- Having cooked the prototype, make a clickable map of user interface interaction, linking it first to each wireframe, and then to the final design. As a result, you’ll have 3 prototypes: 1 — low-fidelity clickable prototype with wireframes, 2 — high-fidelity clickable prototype with designed pages/screens, 3 — clickable map of user interface interaction. The third one is really important as it solves the problem of designer-developer interaction because interactive user flow gives developers a very clear insight into what they’ll have to work with.
5. Pâté de Specs and Documentation
- 1 designer
- 1 project manager
- the prepared design
- 3 barrels patience
- 7 bars accuracy
- 1 handful structure
- It’s 2018 man, every app needs to be responsive, so you’ll have to adjust your designs to most popular resolutions your target audience use. We usually cook up the following set of dimensions: …
- As soon as the design is ready and steaming hot, start baking the guidelines by putting together the elements you already have. Structure it all. Put text, graphic and visual content into separate folders. Categorize all the elements.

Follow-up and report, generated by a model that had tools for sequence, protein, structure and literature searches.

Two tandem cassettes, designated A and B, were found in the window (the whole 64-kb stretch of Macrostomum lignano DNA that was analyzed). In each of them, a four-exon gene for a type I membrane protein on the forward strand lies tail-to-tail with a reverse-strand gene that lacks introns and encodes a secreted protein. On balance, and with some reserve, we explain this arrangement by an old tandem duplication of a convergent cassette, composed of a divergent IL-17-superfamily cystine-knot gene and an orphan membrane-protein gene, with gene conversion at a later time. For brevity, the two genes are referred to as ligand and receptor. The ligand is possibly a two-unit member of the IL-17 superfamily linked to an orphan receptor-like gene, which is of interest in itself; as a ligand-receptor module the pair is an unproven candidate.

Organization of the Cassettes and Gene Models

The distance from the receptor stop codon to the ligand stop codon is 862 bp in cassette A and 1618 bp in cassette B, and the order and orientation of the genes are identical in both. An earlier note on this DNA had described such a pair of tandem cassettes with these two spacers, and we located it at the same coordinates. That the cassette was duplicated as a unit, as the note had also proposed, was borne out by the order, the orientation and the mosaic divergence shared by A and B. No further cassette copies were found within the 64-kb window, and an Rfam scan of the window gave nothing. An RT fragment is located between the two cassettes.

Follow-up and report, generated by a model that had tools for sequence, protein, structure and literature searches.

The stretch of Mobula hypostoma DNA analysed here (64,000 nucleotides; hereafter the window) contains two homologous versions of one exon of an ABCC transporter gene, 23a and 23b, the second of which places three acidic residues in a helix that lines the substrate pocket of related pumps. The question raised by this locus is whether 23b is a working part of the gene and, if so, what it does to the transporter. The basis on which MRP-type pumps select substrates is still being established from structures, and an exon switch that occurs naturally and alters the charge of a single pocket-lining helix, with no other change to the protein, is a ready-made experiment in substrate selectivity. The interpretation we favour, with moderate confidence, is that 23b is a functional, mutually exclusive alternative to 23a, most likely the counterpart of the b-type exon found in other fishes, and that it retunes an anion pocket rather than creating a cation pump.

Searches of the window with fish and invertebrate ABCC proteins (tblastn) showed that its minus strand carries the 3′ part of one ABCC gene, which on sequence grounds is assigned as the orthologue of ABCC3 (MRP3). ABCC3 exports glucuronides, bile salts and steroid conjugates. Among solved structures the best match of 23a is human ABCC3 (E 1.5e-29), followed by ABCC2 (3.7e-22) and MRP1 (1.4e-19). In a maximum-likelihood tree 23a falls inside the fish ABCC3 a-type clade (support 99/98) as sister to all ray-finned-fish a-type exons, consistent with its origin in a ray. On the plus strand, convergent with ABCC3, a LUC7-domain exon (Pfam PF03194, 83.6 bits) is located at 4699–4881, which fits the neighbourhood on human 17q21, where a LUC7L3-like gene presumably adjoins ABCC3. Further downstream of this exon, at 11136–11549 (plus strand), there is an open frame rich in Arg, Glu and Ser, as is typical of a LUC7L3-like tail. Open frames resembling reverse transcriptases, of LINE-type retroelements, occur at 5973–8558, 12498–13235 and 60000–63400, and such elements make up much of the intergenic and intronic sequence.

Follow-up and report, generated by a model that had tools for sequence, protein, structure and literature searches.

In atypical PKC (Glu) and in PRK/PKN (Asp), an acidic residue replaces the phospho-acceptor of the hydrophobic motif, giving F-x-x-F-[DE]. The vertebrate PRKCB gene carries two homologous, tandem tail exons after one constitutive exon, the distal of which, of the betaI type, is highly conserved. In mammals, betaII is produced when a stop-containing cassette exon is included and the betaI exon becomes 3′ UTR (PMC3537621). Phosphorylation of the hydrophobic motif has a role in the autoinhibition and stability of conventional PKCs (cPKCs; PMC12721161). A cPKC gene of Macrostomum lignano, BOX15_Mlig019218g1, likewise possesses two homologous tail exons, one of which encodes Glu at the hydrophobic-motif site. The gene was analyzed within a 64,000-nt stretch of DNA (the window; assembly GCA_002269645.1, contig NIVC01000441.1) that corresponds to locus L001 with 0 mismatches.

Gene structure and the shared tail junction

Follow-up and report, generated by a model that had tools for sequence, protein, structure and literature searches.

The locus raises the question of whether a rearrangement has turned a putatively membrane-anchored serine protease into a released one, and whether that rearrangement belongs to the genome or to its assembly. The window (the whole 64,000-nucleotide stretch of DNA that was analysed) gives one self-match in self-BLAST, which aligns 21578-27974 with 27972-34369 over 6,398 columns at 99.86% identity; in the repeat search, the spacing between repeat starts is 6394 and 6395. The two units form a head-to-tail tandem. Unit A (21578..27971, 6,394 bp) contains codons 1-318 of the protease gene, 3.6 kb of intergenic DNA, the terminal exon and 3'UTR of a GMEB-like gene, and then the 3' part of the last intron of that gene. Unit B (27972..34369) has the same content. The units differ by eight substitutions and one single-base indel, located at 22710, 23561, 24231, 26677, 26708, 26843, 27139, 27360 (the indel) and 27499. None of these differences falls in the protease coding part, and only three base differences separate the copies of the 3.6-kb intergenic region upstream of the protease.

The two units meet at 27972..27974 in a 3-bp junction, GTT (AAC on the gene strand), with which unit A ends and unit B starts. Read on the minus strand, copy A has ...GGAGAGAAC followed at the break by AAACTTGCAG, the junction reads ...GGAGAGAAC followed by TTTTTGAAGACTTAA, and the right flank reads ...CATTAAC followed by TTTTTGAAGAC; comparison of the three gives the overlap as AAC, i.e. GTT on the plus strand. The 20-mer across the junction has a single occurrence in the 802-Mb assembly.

- Always update the guideline when needed. It’s essential to keep it up to date to avoid miscommunication and keep the design consistent, especially if you need to hand off the project to another designer or anyone else.
- Specify the transitions, interactions and animations, attach videos. If an element has multiple states, remember to show them all.
6. Sweet Release with Deliverables Eclaires
- all the files on the project
- Avocode or Zeplin
- 1 cloud storage
- 1 teaspoon accuracy
- 3 bags structure
- 9 barrels patience
- Get the files ready for development stage. Make sure all your files are properly named. Install Avocode or Zeplin plugin to easily upload design files so that developers could interact with all the data.
- Keep all the cooking ingredients and files you work with in order so that other people could easily interact with them too. The same goes for your design prototypes: — name the layers and the files properly when exporting, — create complex shapes properly, — close the paths or keep them open when appropriate, — maintain your design consistency by reusing the existing shapes/elements, — make sure all the data in the project folder is up-to-date.